Confusing biscuits? Provita loses court battle with alleged counterfeit Snactive

Confusing biscuits? Provita loses court battle with alleged counterfeit Snactive

Provita’s owner National Brands, a subsidiary of AVI, has lost a trademark battle against competitor Snactive after North Gauteng High Court in Pretoria concluded that its rights did not extend to the biscuit properties.

National Brands asked the court to reduce the sentence to stop the manufacture, marketing and sale of Snackactive, a competing salty biscuit that entered the market in 2012.

The company argued that the snack cookies are “nearly identical in look and feel” to the “extremely popular” Provita biscuits and trademark. He argued that the Provita biscuit shape, rounded edges, and “unique pattern of docking holes” featured on the Snactive product served to confuse the public.

But in a ruling by the North Gauteng High Court in Pretoria on June 30, the case of National Brand v. Continental Manzox Biscuits was dismissed with costs.

Continental Biscuit Manufacturer admitted that it entered the savory biscuit to compete with Provita, but they also argued that it provides consumers with choice, and has three primary differences – brand name, packaging, and ingredients.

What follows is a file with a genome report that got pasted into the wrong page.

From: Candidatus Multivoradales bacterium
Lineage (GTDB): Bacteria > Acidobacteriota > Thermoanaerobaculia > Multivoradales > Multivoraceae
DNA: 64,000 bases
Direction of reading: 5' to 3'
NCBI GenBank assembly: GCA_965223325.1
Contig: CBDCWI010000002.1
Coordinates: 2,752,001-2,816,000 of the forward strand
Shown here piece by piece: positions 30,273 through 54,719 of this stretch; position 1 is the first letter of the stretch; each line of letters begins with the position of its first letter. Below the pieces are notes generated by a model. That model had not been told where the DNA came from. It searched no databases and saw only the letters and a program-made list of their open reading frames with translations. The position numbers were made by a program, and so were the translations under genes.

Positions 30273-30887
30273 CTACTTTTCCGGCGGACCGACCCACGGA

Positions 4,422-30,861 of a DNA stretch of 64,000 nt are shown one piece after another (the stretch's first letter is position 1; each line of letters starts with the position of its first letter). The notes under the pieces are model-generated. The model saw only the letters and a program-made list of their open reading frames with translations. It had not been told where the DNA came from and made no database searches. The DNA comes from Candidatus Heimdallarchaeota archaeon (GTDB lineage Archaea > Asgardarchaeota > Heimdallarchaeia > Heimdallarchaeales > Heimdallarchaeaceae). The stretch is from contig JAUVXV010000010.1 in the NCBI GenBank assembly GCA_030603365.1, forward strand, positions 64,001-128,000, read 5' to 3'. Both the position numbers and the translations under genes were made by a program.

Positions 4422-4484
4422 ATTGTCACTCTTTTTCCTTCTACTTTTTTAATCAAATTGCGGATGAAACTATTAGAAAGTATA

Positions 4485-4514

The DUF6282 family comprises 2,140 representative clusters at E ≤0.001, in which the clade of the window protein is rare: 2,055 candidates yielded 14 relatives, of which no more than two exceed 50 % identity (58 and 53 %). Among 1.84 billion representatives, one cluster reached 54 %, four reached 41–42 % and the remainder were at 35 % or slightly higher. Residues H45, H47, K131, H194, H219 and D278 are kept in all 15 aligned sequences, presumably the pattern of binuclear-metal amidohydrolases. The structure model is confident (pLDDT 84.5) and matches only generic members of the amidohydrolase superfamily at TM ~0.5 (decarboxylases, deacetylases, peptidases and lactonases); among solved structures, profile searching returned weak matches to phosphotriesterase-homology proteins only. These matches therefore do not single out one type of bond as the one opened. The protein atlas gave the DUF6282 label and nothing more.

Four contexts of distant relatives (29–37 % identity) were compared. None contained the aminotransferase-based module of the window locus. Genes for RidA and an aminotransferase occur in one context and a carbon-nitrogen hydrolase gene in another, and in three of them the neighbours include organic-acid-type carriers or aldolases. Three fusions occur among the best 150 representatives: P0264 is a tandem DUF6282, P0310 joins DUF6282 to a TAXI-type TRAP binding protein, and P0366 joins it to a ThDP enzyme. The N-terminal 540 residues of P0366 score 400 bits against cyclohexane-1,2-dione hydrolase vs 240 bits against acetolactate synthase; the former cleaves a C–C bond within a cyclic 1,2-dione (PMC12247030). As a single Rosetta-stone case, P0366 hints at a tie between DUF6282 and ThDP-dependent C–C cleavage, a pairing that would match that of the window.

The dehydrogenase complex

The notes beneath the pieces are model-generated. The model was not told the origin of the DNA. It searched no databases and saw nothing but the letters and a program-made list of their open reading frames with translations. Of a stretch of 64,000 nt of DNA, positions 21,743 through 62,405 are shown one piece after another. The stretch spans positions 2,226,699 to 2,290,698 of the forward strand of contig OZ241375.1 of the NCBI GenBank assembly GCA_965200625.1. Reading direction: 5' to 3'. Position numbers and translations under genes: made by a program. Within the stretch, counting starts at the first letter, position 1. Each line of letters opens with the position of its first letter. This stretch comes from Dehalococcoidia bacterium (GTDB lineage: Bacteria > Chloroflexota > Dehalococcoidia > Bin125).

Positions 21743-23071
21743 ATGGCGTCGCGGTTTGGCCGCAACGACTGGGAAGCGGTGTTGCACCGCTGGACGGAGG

It argued that Provita’s trademark rights under its trademark extended to the biscuit itself and the shape.

In its ruling, the court said that while National Brands had an “express and protected right” with respect to its registered trademark Provita, it agreed that that right did not extend to the product—the biscuit itself. As such, the court found that no right had been infringed.


Snackactive, Provita’s competitor.

The ruling further found that it is “impossible to confuse the two packaging boxes” while the difference in brand names is also great, making it impossible for consumers to confuse the two. In addition, the court said, these biscuits are “luxury goods” consumed by wealthy people who are not likely to be deceived.

In issuing the costs order, the court said National Brands had dragged its feet, having begun legal action eight years after competing biscuits entered the market.

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